French investigators have disclosed that an Airbus A320 inbound to Paris narrowly escaped colliding with terrain short of the runway, after an incorrect pressure setting given to the pilots went undetected.

Analysis of the serious incident – which took place in poor weather and low visibility – shows the A320 descended to a radio-altimeter height of just 6ft above ground while still 0.8nm from runway 27R at Paris Charles de Gaulle.

French investigation authority BEA states that the intermediate air traffic controller, some 10min beforehand, had instructed the A320 crew to descend to 6,000ft with a QNH altimeter pressure setting of 1011mb rather than the valid figure of 1001mb.

The crew of the A320, operated for Maltese company Airhub, read back this incorrect figure of 1011mb before being given a further descent instruction – again with the wrong pressure setting – and being cleared for an RNP approach to 27R.

BEA says the controller also gave the same incorrect QNH setting to an EasyJet flight inbound to the same runway, but the EasyJet crew read back the valid QNH of 1001mb without asking for clarification. The different readback was not noticed by the controller.

Both the Airhub and EasyJet exchanges were in English. The controller subsequently gave descent instructions to an Air France crew, in French, using the correct QNH figure.

With the QNH level wrongly set, the Airhub A320 displayed the apparent correct altitude to the crew but followed a descent profile which was actually 280ft too low.

“The crew stated that, during the entire approach, they remained in cloud, without visual references,” says BEA.

“They experienced moderate turbulence and flew through heavy rain, using the wipers at high speed.”

Airhub A320 incident map-c-BEA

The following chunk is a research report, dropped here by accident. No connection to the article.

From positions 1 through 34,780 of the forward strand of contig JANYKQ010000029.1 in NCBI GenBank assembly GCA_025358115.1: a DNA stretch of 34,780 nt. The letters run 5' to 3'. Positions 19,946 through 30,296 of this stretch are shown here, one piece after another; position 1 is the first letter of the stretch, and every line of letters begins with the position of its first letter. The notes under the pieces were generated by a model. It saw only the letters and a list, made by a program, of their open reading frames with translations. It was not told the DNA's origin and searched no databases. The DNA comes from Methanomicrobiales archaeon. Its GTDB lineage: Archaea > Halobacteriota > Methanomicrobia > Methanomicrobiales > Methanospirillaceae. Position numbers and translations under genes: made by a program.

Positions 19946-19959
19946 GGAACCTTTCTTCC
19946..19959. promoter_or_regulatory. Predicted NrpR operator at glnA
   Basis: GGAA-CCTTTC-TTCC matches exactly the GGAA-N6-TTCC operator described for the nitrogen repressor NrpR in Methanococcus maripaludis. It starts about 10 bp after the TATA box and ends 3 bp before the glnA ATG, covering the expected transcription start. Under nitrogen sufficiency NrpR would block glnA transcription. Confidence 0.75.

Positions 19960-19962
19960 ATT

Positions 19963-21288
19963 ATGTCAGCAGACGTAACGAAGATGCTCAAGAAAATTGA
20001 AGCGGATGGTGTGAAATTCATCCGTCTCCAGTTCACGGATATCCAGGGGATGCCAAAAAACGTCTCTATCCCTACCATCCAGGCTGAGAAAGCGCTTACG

Source: BEA

As the crew executed a go-around the A320 descended to just 6ft above ground

Although the pilots said they conducted altitude-distance checks regularly during the RNP approach, leading them to believe they were on the correct profile, the wrong QNH setting meant the deviation would not have been detected by this method.

After transferring to the tower controller, who cleared the A320 to land, the aircraft descended – on an otherwise-stabilised flightpath – to an indicated altitude of 891ft, corresponding to 617ft actual altitude, while still 1.53nm from the threshold. According to the radio altimeter it was about 200ft above ground and this triggered minimum safe altitude warnings to air traffic control.

“Controllers in the tower could not see the aircraft on short final because of the bad weather,” says BEA.

The tower controller queried the A320 crew a few seconds after the warning, but the pilots had already opted to execute a go-around because they could not see the runway after the jet had descended to the apparent decision altitude.

Analysis shows that, as the autopilot was disengaged and the aircraft pitched nose-up for the go-around, it continued to descend, reaching 52ft above ground at 1nm from the runway and then, extraordinarily, a minimum of 6ft above ground at 0.8nm before the thrust levers were advanced and the aircraft started to climb.